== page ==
Saturday, August 7, 2010

Gold and Bond Prices Up - Must Be a Kondratieff Wave Winter

I am a Gold bull. I believe we are in a Kondratieff Winter or secular credit contraction. This is a very different view than many Gold bulls have, which revolves around the theme of "U.S. Dollar goes to zero, Gold and silver go to infinity." De-leveraging is very different than heavy, persistent inflation as a secular theme. But anyone long Gold will be right regardless of their reasoning. I will be buying more Gold if it gets to the $1150 level.

My main focus right now is on shorting general equities, however. I think the next leg of the stock bear market is imminent. I think it will occur in the setting of a rising U.S. Dollar and falling commodity prices. Since many investors and speculators see Gold as just another inflation hedge like copper or oil, I believe they will dump their Gold positions, creating another short-term buying opportunity for me in physical Gold. I may be wrong, but I am in no hurry to buy more Gold now that I have a large, "strong hand," core position.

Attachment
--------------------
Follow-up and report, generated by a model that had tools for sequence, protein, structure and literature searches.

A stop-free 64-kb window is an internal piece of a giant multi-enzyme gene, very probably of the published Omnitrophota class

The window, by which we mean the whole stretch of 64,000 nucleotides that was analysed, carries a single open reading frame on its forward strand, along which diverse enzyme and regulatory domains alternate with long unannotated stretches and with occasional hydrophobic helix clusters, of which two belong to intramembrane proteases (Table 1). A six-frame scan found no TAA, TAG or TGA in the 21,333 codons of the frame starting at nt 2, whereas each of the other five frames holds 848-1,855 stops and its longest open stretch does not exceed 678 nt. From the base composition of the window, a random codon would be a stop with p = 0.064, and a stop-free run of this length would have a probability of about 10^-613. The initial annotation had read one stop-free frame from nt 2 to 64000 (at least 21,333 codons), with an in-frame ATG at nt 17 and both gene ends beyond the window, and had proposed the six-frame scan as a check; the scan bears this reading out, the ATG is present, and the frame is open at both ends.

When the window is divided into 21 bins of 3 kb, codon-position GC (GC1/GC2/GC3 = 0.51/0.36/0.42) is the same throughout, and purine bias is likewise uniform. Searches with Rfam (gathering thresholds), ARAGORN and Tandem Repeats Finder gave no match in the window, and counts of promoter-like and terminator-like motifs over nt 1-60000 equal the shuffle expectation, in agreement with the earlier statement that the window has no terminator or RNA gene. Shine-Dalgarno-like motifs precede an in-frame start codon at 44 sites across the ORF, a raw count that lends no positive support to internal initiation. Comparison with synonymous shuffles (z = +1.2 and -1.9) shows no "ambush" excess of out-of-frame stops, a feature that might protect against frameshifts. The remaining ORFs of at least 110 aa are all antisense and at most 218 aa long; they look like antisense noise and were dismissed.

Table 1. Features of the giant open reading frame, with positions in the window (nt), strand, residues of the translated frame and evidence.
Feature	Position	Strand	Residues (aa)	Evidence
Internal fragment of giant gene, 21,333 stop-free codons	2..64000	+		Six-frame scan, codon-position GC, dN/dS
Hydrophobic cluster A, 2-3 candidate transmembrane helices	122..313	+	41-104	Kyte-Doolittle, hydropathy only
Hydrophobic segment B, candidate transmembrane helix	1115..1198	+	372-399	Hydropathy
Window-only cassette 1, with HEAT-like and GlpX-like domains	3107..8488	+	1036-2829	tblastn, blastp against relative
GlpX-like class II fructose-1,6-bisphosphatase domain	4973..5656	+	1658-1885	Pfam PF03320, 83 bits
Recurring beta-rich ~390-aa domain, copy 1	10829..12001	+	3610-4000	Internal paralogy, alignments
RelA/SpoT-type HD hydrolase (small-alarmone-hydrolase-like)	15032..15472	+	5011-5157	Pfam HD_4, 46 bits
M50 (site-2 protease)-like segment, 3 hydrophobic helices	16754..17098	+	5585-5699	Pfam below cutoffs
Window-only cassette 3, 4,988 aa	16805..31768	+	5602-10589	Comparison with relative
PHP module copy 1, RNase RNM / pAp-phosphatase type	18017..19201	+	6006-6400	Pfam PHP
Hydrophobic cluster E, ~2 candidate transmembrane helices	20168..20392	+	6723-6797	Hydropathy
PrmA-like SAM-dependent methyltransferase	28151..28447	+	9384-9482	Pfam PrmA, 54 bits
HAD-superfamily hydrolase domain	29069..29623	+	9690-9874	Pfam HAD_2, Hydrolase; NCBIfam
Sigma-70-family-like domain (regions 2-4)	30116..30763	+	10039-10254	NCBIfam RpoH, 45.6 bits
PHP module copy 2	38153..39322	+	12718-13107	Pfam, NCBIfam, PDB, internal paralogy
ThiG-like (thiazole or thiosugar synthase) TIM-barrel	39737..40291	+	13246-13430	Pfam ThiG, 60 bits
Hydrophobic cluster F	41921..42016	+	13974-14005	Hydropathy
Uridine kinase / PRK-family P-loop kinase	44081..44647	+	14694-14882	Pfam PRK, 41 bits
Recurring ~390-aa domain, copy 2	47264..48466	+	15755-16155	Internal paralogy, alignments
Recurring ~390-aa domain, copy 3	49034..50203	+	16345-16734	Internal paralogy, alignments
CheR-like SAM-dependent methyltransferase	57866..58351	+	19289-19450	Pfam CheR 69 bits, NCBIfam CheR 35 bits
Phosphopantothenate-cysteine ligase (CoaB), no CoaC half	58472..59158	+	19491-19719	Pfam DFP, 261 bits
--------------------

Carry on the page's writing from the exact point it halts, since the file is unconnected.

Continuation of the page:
Secular lows in the yields for U.S. sovereign debt (i.e. world's senior economy) at the same time Gold is at secular highs does not fit into a neat "deflationist" or "inflationist" box for those who think in paper fiat terms, but it fits a Kondratieff Winter like a glove. I believe asset price deflation has been ongoing and rather obvious since 2000, but only when the currency used to "demonstrate" deflation is Gold. The debt-based global fiat system distorts the picture significantly.